Fiber in Oats and Beans Helps Lower Cholesterol
WebMD News Archive
"But rather than focusing on foods to avoid, we should focus on food
substitutions and portion control. That means more servings of fruits,
vegetables, and whole grains," says Moore. "At the same time, it means
fewer servings of meats and high-fat dairy products. It's also possible to get
psyllium from dietary sources like oats and dried peas and beans." Moore
tells WebMD that questions about psyllium fiber remain, and the researchers
"In a recent study, a greater response in LDL cholesterol was observed
in men," says Anderson. "And in previous studies, older adults showed
greater reductions. Clearly, additional research is needed to clarify the
effects of psyllium in population subgroups."
Anderson tells WebMD that psyllium is a natural source of fiber that has
been used as a laxative for over 60 years. Though its mechanism of action is
unclear, data suggest that it lowers serum cholesterol by increasing bile acid,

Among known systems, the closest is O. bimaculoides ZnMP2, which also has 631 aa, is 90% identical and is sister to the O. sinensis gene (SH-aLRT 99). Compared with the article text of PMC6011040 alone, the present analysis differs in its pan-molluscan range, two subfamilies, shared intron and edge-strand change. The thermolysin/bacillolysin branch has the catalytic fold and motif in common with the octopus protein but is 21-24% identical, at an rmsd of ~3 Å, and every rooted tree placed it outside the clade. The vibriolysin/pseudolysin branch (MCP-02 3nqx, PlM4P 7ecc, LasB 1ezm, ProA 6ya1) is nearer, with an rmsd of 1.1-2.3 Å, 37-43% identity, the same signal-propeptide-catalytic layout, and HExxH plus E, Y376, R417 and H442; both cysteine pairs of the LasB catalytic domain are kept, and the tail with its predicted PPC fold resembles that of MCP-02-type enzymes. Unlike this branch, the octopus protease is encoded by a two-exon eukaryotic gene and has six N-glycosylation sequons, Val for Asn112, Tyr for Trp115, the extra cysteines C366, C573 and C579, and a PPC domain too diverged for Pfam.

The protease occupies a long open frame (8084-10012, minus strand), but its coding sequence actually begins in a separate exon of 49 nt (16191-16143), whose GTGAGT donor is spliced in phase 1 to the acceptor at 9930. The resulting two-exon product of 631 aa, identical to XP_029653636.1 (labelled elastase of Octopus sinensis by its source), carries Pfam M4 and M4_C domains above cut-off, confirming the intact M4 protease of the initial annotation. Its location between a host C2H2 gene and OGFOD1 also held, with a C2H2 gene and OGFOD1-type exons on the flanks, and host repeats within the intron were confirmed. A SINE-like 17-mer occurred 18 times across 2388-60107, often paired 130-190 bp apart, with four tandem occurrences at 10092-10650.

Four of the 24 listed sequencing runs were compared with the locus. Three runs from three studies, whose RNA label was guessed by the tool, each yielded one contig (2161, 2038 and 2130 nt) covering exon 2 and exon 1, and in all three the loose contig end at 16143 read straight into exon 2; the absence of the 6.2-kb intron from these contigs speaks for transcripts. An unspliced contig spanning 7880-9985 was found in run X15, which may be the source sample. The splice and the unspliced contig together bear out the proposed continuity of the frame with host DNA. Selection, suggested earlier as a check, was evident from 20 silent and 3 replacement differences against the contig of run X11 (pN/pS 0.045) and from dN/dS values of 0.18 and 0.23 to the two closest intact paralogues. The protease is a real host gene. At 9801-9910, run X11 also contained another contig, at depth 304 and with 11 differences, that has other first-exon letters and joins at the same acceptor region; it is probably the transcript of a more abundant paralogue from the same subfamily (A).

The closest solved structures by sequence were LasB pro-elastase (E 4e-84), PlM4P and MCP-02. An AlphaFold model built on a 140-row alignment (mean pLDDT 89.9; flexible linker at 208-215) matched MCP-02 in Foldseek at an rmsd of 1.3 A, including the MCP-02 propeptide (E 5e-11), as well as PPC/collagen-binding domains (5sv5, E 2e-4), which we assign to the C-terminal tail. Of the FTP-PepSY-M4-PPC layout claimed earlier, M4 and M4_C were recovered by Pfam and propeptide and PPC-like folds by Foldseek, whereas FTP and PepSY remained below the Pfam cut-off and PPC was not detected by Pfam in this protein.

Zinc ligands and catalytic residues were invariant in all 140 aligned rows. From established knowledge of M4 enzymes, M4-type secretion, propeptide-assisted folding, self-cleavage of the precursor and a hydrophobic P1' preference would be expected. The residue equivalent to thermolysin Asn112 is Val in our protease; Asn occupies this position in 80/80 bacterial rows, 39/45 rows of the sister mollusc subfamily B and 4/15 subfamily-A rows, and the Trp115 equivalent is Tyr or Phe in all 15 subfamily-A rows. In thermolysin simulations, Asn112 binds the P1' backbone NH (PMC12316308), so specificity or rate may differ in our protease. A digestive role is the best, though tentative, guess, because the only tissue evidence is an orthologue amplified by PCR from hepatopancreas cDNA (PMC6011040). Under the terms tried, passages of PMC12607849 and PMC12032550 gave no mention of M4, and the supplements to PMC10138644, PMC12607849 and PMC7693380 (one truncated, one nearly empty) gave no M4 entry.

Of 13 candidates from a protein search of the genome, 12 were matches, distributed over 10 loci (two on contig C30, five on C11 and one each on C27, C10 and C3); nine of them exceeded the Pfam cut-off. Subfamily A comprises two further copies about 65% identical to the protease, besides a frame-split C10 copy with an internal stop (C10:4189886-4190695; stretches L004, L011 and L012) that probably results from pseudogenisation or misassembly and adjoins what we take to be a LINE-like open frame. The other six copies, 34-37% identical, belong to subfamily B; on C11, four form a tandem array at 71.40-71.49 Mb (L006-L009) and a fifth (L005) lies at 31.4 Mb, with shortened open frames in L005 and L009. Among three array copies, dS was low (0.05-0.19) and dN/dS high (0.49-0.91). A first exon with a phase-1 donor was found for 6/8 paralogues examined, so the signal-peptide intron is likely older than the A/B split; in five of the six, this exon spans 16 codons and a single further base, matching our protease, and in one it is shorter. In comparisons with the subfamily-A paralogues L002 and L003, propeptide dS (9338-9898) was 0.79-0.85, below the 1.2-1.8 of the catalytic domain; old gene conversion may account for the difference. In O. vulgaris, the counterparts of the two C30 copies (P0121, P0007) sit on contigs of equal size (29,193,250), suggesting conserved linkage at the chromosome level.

decreasing absorption of fat and cholesterol, and inhibiting production of
cholesterol by the liver. Two years ago, the FDA authorized manufacturers and
distributors to claim that foods containing 1.7 grams of psyllium per serving
reduce the risk of heart disease.
The study was funded in part by the Proctor & Gamble Company, maker of
- A review of several studies shows that psyllium fiber in addition to a
low-fat diet can help lower cholesterol levels.
- The results showed the psyllium group lowered their total cholesterol an
- Older participants seemed to show the most benefit, although effects were
consistent between men and women.